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With the potential of Trump’s nominee, Amy Coney Barrett, becoming the newest justice on the U.S. Supreme Court in time for the November 10, 2020 hearing on the latest attack on the ACA, there has been a lot of speculation as to what this means for the survival of the ACA. This is particularly acute given Ms. Barrett’s criticism of the majority opinion in 2012 to uphold the ACA in National Federation of Independent Business v. Sebelius. (See https://scholarship.law.nd.edu/cgi/viewcontent.cgi?article=2330&context=law_faculty_scholarship.)
From an employer’s viewpoint, if the ACA is stricken in its entirety, this could spell even more complications in terms of employee healthcare coverage compliance.
Under the ACA, applicable large employers are subject to the Employer Mandate, under which employers are required to offer healthcare coverage to their full-time employees and dependents, and whereby such coverage meets affordability and minimum value to the full-time employee. The Employer Mandate worked with the Individual Mandate. The Employer Mandate would require employers to offer healthcare insurance coverage to their employees or face penalties. The Individual Mandate would require individuals to maintain healthcare insurance coverage or face penalties. The underlying policy was to maximize healthcare insurance coverage for Americans.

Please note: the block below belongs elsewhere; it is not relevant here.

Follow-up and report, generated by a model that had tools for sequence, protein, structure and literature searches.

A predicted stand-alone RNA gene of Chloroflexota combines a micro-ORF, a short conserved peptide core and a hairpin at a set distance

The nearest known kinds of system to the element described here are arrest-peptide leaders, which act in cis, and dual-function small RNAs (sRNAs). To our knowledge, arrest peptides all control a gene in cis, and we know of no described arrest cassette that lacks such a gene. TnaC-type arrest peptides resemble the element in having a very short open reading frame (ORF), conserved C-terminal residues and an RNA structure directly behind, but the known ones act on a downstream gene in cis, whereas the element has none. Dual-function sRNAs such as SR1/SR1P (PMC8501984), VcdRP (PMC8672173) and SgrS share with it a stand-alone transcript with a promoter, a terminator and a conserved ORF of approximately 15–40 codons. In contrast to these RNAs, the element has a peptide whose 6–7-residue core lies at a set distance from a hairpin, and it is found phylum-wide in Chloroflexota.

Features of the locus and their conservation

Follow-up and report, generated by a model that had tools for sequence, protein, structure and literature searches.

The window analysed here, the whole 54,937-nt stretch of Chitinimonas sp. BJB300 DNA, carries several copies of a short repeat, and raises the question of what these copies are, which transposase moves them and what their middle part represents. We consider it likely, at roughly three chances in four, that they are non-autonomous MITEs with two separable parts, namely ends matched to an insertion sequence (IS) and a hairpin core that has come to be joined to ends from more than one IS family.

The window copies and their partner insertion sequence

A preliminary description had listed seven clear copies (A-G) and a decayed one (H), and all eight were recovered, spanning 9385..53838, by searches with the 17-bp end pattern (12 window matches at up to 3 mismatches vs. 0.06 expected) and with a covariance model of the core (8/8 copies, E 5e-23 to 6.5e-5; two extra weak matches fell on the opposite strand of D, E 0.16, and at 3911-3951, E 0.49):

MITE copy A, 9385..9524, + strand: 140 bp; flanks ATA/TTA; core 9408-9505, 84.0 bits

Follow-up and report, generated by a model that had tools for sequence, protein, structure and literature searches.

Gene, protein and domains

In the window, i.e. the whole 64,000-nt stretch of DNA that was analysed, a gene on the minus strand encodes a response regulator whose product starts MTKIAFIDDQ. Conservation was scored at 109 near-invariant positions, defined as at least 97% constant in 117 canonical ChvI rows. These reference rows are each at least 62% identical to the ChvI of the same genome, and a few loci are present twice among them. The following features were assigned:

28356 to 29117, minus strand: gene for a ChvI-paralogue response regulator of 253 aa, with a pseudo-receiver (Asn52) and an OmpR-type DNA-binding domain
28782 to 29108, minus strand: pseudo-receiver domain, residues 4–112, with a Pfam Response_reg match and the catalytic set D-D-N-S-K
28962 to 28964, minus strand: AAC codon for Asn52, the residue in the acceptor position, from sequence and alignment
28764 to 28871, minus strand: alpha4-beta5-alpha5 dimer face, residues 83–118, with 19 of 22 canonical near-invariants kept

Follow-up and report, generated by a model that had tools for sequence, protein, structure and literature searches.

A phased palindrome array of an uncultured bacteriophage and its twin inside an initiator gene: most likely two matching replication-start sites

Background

However, after the Individual Mandate penalty was zeroed out in 2019 through the Tax Cuts and Jobs Act of 2017, the Individual Mandate effectively had no teeth. Left with this void, states began to quickly mobilize to create their own individual mandate to work with the federal Employer Mandate. In so doing, states largely adopted the federal Individual Mandate structure, but added additional state employer reporting obligations to administer the state individual mandate. The net effect was to create additional burdens on employers to comply with not only the federal Employer Mandate but an additional state employer reporting obligation. These states include New Jersey, which enacted its own individual mandate in 2019, followed quickly by California, Rhode Island, Vermont, and Washington D.C. Connecticut, Hawaii, Maryland, Minnesota, and Washington state have signaled that they are coming up with their own plans in the near future.
So, if the ACA is stricken in its entirety, including the Employer Mandate, employers now face the specter of a state employer mandate, creating even more compliance complications, particularly for those employers with multistate operations.
We’re committed to helping companies reduce risk, avoid penalties, and achieve 100% ACA compliance. For questions about the ACA contact us here.